Until recently, global maps of coral reefs had not changed much since the days of Charles Darwin. The British scientist created some of the first maps in the 1840s, including observations from his ocean expeditions. French scientist Louis Joubin updated those maps in 1912, adding information from letters he received from people living near reefs around the world.
But it was not until the beginning of the 21st century that coral reef mapping caught up with modern technology. It took the arrival of a high-quality satellite camera—the Enhanced Thematic Mapper Plus on Landsat 7—and a convincing argument. The Landsat series of satellites was originally created to observe landforms, so imagers on Landsat 1 through 5 were typically turned off while flying over large oceans in order to conserve power or limited data storage. Ocean researchers eventually made the case to turn the instrument on over coastal waters and, occasionally, the open ocean.
From 2000 to 2003, scientists participating in the Millennium Global Coral Reef Mapping project collected and analyzed 1,724 Landsat 7 satellite images in order to create a uniform, global map of coral reefs. The map has since been distributed openly on the Internet and has been adopted by researchers and coral reef managers around the world.
Now the next generation of Earth-observing satellites is poised to significantly improve and update coral reef mapping. The sensors aboard Landsat 8 were designed to have higher sensitivity to brightness and color than Landsat 7 (12-bit data versus 8-bit). Most significantly, the satellite can observe Earth in wavelengths that allows scientists to adjust for the distortions caused by the atmosphere near the coast (a new shortwave, ultra-blue band at 0.43-0.45 micrometers supplements the blue band at 0.45-0.51 micrometers). This extra sensitivity has made it easier to spot coral reefs and to quantify their area and depth. Scientists now have a tool for monitoring the health of coral reefs even in the most remote regions.
“The Operational Land Imager on Landsat 8 is allowing us to outline the reefs around the world and measure area and estimate depth in ways never possible before,” said Frank Muller-Karger, a professor of oceanography at the University of South Florida and a leader of the Landsat-coral mapping efforts. Muller-Karger has been funded by NASA’s Applied Sciences to work together with the NOAA Coral Reef Watch program to develop new products for a coral reef alert program.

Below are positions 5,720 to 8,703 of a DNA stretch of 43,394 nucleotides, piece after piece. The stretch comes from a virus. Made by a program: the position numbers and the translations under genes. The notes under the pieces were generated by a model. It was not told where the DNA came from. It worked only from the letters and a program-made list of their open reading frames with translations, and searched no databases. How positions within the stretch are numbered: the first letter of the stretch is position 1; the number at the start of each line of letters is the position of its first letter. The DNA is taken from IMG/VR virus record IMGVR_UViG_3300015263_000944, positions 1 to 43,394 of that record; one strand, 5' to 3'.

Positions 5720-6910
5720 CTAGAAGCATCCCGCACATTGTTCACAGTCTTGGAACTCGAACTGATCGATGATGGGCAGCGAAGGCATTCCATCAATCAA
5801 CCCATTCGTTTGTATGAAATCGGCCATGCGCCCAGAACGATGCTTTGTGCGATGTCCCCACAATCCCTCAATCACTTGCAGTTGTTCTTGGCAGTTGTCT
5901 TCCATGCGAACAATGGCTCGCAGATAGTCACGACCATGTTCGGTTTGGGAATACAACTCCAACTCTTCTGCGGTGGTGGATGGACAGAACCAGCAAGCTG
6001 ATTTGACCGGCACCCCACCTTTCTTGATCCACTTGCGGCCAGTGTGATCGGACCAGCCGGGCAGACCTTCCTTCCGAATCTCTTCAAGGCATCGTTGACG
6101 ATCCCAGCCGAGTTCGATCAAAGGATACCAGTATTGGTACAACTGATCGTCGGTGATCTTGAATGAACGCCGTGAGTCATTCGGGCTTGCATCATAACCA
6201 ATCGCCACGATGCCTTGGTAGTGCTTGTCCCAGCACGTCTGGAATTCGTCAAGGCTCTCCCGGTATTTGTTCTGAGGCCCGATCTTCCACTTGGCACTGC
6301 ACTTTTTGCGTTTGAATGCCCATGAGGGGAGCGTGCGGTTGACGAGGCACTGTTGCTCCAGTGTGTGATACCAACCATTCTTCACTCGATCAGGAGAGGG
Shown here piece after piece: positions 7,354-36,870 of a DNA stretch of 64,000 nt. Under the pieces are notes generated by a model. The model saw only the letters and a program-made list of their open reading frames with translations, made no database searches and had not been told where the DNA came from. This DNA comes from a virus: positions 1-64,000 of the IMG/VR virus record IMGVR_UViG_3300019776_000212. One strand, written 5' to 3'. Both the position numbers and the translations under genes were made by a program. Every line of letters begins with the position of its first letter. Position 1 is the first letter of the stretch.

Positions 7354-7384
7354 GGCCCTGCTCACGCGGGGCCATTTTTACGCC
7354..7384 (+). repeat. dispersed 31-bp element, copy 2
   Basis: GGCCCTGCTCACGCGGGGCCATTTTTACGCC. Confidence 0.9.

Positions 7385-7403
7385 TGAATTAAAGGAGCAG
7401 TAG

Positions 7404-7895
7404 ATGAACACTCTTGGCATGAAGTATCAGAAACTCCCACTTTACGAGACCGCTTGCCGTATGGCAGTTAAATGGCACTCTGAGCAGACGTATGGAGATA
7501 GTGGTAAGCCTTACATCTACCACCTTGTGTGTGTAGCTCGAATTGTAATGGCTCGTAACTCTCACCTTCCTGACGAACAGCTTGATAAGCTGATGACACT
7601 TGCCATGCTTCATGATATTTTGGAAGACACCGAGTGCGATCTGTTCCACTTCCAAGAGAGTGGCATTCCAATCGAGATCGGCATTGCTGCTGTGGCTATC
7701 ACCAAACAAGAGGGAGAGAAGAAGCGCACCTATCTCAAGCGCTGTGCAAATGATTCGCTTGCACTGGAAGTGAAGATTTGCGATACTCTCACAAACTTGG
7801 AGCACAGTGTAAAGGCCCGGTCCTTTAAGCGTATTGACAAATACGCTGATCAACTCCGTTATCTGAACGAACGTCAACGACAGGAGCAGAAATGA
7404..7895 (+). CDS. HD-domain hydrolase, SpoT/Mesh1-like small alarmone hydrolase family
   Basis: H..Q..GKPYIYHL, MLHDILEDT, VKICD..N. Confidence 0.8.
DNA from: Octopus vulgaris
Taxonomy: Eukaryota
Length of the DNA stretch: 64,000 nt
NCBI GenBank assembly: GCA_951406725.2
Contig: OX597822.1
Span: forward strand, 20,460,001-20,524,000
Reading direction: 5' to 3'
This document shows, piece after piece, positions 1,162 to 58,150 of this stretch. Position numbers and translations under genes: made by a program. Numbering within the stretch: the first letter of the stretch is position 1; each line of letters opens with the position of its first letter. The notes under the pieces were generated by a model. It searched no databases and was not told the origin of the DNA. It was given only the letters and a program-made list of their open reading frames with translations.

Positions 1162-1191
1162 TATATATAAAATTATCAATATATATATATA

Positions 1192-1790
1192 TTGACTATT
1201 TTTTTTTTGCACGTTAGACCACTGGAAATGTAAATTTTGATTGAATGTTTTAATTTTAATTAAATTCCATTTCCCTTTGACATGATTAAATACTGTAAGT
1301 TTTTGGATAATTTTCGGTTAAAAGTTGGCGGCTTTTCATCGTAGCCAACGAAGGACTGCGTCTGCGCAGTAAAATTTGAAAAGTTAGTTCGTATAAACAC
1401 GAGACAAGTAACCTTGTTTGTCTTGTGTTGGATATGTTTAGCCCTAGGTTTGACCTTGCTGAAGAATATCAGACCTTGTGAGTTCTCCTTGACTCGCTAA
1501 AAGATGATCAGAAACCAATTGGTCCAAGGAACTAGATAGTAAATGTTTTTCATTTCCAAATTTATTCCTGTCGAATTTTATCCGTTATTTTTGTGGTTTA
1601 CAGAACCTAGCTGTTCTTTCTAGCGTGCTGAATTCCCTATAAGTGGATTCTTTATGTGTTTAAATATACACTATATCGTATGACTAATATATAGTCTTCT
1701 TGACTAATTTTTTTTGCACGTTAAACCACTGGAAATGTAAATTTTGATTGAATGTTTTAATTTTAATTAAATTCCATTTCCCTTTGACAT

The large image and close-up above were acquired on May 10, 2015, by the OLI instrument on Landsat 8. The images show the extensive coral reefs on the north shore of Vanua Levu, Fiji’s second largest island.
In addition to Landsat, Muller-Karger and colleagues can turn to several other satellites to measure conditions around reefs. Satellite sensors like the Moderate-Resolution Imaging Spectroradiometer (MODIS) instruments aboard NASA’s Terra and Aqua satellites can sense ocean temperatures, a key variable in the healthy development of corals. Similar readings are being collected by the Visible Infrared Imaging Radiometer Suite (VIIRS) instrument on Suomi NPP and the Advanced Very High Resolution Radiometer (AVHRR) instruments on NOAA’s Geostationary Operational Environmental Satellites.
The next big leap in coral studies may come from hyperspectral imaging. New instruments tested on satellites, the International Space Station, and research aircraft have shown the potential to observe at more wavelengths and much better spatial resolution. Such sensors might someday be able to spot minor variations in coral reef color—a sign of coral bleaching due to warming waters and changing ocean chemistry.
“You need Earth-observing cameras with small pixel sizes that allow a closer look at the corals. The scale needed is much less than 100 meters,” said Nima Pahlevan, a scientist at NASA’s Goddard Space Flight Center. “With VIIRS and MODIS, for example, the best achievable spatial resolution is 250-500 meters We need instruments capable of resolving reefs at scales ranging from 1 to 40 meters.”
NASA Earth Observatory images by Michael Taylor, using Landsat data from the U.S. Geological Survey. Caption by Audrey Haar and Mike Carlowicz.